“A good marriage is made up of a thousand small kindnesses,” – that’s from Trudy, who has been married for 35 years.
“Always find something to laugh about, “ says Dawn, married 32 years. “Have separate bathrooms,” says Connie, married for 44 years.
“Seek to do good for the other person,” says Dave, married for 32 years.
“Love is like a boomerang,” says Don, who has been married to his sweetheart Estelle for 50 years, “throw it at your spouse and you’ll find it coming right back at you.”
The news today from a Deakin University report that the first year of marriage was often the unhappiest didn’t really come as a surprise, did it?
There’s that enormous lead up to the big wedding day, the thousands and thousands of dollars spent, the months planning, the vows and speeches pored over for inordinate lengths of time – it’s a climax of celebration, from which the only way is …down?
The report’s lead author, Dr Melissa Weinberg, told smh.com.au she was suprised because “the perception is that newlywed couples should be the happiest, but that’s not the case.”
The honeymoon period, it seems, finishes at the end of the actual honeymoon.
The good news is that things improve in the second year of marriage, then (for women at least) they peak with happiness at the five year mark, then wedded bliss peaks again after the forty year mark.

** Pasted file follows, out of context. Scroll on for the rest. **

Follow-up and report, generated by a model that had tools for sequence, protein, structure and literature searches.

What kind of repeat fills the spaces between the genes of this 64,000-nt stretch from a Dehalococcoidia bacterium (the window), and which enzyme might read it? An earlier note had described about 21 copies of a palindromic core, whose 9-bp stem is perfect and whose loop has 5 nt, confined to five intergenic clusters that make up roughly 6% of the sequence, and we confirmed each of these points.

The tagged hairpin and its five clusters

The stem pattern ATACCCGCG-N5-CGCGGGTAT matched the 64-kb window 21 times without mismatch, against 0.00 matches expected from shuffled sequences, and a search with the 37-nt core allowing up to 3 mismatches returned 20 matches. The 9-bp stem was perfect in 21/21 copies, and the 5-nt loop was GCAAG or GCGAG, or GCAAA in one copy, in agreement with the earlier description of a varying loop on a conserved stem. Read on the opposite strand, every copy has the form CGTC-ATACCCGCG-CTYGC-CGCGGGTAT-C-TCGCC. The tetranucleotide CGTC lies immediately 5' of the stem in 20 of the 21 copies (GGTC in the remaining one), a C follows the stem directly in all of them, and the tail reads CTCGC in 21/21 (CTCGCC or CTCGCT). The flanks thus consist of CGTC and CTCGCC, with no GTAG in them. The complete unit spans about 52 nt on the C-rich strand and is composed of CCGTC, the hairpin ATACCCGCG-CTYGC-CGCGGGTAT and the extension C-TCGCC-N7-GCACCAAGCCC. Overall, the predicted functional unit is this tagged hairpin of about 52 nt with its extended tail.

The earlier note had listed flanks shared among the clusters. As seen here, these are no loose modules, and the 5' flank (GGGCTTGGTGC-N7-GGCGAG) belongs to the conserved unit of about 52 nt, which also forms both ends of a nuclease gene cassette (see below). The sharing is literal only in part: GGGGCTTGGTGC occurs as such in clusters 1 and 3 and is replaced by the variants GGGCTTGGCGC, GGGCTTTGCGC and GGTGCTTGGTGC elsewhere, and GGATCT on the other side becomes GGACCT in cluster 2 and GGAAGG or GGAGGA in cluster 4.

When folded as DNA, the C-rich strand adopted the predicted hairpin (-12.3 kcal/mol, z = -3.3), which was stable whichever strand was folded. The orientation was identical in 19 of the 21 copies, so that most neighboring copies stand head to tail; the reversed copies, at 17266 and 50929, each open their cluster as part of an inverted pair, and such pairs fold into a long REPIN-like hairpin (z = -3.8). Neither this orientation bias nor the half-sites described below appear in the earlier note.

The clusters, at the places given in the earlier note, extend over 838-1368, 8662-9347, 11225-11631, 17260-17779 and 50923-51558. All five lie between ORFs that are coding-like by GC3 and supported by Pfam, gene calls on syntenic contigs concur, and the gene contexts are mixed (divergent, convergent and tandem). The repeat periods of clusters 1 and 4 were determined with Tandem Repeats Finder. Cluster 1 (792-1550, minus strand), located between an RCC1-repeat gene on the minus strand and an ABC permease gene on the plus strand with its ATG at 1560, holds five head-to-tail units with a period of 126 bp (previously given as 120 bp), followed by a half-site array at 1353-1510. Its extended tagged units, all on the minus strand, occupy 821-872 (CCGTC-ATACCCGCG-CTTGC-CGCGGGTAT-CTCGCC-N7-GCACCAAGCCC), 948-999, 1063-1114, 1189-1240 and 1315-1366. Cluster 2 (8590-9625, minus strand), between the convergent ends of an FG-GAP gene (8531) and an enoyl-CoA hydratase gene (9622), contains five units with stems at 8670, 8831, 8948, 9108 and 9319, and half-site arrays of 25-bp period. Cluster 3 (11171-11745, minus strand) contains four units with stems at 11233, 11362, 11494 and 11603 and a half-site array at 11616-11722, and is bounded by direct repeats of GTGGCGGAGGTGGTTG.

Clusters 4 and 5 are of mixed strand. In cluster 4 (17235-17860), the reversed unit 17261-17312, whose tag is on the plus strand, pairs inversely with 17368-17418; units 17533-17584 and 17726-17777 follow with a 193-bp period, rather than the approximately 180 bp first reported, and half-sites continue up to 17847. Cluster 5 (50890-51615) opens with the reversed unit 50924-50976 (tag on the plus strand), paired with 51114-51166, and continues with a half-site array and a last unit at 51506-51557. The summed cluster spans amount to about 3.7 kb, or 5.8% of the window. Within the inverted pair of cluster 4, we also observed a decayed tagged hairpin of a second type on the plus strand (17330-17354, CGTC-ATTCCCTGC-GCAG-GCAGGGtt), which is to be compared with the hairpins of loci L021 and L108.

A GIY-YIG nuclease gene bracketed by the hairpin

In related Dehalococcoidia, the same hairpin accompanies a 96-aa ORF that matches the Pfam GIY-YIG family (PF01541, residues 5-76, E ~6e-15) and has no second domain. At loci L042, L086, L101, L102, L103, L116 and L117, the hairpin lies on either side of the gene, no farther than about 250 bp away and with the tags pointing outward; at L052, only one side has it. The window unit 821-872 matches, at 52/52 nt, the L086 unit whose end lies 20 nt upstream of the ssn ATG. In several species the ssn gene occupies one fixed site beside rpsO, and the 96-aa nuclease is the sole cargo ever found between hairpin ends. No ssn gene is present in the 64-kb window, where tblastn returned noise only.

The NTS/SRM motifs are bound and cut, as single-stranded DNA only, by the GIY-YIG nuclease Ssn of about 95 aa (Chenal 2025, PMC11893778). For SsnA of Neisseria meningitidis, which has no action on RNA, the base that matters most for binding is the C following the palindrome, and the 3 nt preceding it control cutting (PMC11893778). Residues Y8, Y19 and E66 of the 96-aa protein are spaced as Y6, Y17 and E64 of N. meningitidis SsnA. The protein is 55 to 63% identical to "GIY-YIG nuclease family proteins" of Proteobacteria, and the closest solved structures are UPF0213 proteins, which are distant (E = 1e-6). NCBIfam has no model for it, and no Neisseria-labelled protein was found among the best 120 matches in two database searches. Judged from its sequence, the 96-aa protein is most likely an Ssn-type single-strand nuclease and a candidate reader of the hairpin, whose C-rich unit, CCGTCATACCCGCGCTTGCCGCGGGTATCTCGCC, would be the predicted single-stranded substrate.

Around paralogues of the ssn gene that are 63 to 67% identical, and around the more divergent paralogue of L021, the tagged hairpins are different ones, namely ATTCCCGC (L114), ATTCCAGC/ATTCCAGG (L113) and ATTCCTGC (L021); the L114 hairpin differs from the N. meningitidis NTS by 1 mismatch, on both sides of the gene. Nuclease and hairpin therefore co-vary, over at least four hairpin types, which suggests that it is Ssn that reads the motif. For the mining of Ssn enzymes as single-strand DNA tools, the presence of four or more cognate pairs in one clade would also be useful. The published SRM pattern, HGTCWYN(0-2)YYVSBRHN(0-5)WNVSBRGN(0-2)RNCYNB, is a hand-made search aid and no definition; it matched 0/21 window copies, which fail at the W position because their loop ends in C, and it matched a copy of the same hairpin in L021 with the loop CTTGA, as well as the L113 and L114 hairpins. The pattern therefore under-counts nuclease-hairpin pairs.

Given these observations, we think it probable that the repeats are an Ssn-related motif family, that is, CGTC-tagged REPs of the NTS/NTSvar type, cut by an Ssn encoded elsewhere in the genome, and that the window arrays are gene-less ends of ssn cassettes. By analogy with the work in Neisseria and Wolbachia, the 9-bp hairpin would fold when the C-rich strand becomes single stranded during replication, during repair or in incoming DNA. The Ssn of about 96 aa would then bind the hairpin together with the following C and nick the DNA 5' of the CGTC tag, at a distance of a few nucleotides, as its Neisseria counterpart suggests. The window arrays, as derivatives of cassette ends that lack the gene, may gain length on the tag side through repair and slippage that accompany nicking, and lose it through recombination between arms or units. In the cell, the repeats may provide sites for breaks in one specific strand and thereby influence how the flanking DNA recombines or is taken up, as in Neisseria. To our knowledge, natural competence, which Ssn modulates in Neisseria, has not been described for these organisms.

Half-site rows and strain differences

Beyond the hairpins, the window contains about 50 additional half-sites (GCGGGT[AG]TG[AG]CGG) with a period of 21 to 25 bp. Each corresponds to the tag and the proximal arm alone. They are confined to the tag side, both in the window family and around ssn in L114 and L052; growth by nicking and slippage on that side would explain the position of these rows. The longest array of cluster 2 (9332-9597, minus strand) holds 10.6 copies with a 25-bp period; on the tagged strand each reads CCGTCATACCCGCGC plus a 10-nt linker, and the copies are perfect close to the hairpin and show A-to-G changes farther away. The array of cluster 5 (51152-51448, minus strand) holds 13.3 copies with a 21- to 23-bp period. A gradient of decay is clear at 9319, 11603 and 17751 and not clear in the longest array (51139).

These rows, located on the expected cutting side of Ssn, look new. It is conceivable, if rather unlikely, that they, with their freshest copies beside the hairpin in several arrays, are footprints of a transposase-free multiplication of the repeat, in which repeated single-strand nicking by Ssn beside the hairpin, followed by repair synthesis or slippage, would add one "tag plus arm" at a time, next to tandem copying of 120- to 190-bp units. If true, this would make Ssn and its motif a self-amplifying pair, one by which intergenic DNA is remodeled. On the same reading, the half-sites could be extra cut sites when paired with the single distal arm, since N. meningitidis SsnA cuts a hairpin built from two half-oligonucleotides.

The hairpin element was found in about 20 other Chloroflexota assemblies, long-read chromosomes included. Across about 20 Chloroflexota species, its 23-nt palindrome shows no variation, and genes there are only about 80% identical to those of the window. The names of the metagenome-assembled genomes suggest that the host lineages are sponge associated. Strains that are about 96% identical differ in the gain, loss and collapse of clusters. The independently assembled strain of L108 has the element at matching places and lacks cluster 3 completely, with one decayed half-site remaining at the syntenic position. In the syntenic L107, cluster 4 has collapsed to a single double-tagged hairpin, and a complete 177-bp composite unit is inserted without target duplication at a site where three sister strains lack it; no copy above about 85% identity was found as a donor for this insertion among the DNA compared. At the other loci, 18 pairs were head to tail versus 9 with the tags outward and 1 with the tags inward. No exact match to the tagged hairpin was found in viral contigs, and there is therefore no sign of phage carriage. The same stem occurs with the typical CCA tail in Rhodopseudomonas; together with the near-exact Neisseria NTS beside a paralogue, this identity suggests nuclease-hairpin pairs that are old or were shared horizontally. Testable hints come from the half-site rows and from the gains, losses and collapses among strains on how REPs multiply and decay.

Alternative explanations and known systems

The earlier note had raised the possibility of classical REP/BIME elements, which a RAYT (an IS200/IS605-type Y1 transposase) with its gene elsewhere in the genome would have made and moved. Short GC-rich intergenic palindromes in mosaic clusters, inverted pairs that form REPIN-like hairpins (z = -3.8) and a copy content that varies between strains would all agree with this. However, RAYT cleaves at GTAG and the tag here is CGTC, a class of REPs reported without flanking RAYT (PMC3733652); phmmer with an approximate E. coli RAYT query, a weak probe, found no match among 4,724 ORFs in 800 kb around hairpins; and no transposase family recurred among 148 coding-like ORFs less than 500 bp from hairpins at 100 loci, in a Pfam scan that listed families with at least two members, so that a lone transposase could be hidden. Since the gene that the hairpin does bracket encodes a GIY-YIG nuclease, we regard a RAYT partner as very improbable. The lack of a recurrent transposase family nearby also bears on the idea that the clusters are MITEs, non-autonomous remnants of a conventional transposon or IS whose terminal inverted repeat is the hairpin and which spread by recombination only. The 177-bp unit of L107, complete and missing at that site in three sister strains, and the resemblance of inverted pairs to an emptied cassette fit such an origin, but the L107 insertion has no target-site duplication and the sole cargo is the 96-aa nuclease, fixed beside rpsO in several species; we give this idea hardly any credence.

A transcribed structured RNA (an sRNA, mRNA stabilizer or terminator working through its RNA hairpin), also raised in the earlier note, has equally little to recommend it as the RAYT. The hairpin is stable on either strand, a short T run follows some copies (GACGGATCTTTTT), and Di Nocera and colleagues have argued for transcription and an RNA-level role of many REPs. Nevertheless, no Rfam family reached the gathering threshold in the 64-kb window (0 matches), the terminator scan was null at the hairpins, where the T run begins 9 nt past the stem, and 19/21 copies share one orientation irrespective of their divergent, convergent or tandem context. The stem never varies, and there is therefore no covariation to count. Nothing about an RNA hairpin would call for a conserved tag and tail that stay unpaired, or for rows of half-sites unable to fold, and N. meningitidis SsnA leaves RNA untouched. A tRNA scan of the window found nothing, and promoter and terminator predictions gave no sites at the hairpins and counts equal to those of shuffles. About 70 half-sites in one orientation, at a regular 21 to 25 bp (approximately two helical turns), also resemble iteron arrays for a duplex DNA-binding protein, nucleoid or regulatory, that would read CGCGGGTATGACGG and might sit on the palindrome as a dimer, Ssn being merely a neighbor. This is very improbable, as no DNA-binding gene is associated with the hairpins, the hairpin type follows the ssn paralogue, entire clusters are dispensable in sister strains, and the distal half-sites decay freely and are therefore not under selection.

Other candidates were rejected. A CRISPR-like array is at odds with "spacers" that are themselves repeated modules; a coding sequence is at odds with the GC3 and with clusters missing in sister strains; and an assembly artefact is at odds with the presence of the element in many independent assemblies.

That’s a long time between peaks. Forty years?
Which got us thinking about the secrets to a long and happy marriage. There are some immutable elements like mutual trust and respect, but how to achieve ongoing happiness in love can be a mystery.
A good clue might come from Gordon Livinsgton, a US psychotherapist and author who has spent 40 years listening to unhappy married couples in his practice. His definition of true love is instructive: “You love someone when the importance of his or her needs and desires rises to the level of our own.”
What else makes a relationship work. Is it humour? The art of compromise and flexibility? A good sex life?
According to a University of Michigan study, “having enough space or privacy in a relationship is more important for a couples happiness than having a good sex life.”
Barbara Streisand concurs here, according to the Huffington Post, she recently said the secret of success in her marriage to James Brolin is the amount of time they spend apart – that their absences make the heart grow fonder.
But they’ve been married for a mere 14 years, which makes them seem like newlyweds next to this couple, below, who have been married for 72 years.
Selma and Kenny made a video for a grandchild’s wedding and gave their top five tips for a happy marriage which, surprisingly, were actually very practical. They include: make sure you have food in your fridge, always have a clean house, travel as much as you can, go to bed happy after fights.
What about you?
What are your tips for relationship success? Have you passed the magic peak of forty years? What would be your best marriage advice?